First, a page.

What Does Federal Retirement Readiness Mean?

federal retirement readinessIs it a state of mind? Perhaps it’s a specific age or a certain amount in a retirement account. Maybe you felt ready to retire on your second day on the job; however, retirement readiness encompasses more than just no longer having to work. Truly being ready to retire includes both financial and emotional aspects. Both sides of the coin are equally important and, in many ways, interdependent. Not having the financial component of retirement in order will certainly impact the non-financial side of retirement. At Retirement Benefits Institute, we’ve developed a retirement readiness quiz to help federal employees gauge federal retirement readiness.


For federal employees, the financial side of retirement readiness can be broken down into seven retirement readiness statements. Over the coming months we’ll address each of these seven statements and the aspect of federal retirement each one addresses. The first of these statements is, “I have accurately calculated my service history for retirement purposes.”


If you worked for the federal government in a temporary, seasonal, or co-op position, you may not be receiving retirement credit for that time. If you were paying into your retirement system, generally FERS, you should be getting both retirement eligibility and credit for that time for annuity computation. Temporary, seasonal, or co-op employment in which you were not paying into the retirement system, is called non-deduction service. Typically, you would not get retirement eligibility or annuity computation credit for that time.

If you were not paying into FERS, you may be able to make a deposit for this time and receive both retirement eligibility and annuity computation credit. See FERS non-deduction service for more on this topic.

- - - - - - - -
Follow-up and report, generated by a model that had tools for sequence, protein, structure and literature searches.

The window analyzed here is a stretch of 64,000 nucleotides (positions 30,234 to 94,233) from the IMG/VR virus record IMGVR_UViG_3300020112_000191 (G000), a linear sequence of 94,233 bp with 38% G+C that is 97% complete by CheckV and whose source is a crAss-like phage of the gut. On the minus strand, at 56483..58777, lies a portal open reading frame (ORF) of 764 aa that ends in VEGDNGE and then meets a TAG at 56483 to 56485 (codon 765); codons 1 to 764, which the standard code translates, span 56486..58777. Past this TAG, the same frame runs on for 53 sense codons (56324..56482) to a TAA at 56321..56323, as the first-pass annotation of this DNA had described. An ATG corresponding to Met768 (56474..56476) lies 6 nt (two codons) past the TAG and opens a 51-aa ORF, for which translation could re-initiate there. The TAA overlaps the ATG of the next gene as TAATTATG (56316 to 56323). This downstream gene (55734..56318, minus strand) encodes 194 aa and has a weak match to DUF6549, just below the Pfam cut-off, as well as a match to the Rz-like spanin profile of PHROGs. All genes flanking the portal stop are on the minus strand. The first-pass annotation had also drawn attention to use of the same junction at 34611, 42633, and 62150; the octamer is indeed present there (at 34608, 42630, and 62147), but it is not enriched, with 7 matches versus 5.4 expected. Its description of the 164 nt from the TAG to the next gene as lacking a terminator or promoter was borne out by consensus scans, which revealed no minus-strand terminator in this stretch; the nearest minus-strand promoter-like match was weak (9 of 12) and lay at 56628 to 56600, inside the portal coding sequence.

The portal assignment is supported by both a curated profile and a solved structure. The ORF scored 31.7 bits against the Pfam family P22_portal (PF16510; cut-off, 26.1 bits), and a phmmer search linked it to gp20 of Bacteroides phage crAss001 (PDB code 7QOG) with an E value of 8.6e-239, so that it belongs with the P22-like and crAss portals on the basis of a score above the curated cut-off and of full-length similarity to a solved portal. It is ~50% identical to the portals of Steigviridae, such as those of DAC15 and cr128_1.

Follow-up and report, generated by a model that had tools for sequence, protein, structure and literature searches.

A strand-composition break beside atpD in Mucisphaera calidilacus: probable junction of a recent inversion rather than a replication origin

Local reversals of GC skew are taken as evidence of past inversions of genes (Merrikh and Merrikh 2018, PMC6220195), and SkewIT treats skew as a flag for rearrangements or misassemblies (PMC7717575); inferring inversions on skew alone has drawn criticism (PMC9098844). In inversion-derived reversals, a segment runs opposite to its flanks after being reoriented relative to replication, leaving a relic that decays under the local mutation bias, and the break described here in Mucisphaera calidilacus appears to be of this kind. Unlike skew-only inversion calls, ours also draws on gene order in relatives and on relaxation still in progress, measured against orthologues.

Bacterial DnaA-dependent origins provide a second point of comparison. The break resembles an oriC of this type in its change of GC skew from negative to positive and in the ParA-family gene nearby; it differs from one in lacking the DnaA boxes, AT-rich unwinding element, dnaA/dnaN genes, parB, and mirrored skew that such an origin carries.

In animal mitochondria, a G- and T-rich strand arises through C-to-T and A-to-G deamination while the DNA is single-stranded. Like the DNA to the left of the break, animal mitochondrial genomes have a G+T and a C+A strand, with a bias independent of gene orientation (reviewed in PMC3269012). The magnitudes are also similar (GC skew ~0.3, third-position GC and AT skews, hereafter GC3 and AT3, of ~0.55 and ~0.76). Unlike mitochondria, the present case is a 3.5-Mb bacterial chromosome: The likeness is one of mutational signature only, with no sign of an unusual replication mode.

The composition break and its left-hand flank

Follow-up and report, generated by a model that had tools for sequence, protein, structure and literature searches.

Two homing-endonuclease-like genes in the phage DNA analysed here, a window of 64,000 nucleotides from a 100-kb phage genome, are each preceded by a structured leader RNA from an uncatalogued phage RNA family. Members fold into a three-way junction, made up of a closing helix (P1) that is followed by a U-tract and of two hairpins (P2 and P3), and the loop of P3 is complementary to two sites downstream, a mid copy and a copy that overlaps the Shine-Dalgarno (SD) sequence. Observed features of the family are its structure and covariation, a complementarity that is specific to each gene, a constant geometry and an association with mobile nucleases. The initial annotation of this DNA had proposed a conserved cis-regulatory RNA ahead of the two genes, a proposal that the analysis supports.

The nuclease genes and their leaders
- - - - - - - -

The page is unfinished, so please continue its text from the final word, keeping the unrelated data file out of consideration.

Did you serve in the military before beginning your federal career? Generally, you automatically receive leave credit for military time, but do not automatically receive retirement eligibility. Federal employees can typically make a deposit for military time and receive credit for that service. Be aware that if you buy back military time, you must waive the military pension.

Click here to learn more about military service.


Any breaks from federal service will affect your years of service. For instance, if you worked for the federal government for a time, left federal service to work in the private sector, and later returned to federal employment, there are two questions you need to ask yourself.

  1. “Did I take my retirement contributions when I left federal employment?”
  2. If you answered, “Yes” to the first question, ask yourself, “Did I make a redeposit into my retirement system when I returned to federal employment?” If you answered “Yes” to this question as well, you generally will receive credit for your original period of federal employment.

For more on how breaks in service affect your retirement, see FERS refunded service.


Hopefully you are feeling better about federal retirement readiness statement number one. Your service history can be confusing but is vital to a confident retirement. We have known cases where federal employees were not eligible to retire when they thought and even had to return to work. This is not a situation you want to happen to you! We hope we’ve given you the tools to say with confidence, “I have accurately calculated my service history for retirement purposes.”

Soon, we’ll explore federal retirement readiness statement number two.

Find out if you are ready to retire. Take the retirement readiness quiz as the next step on your journey to federal retirement.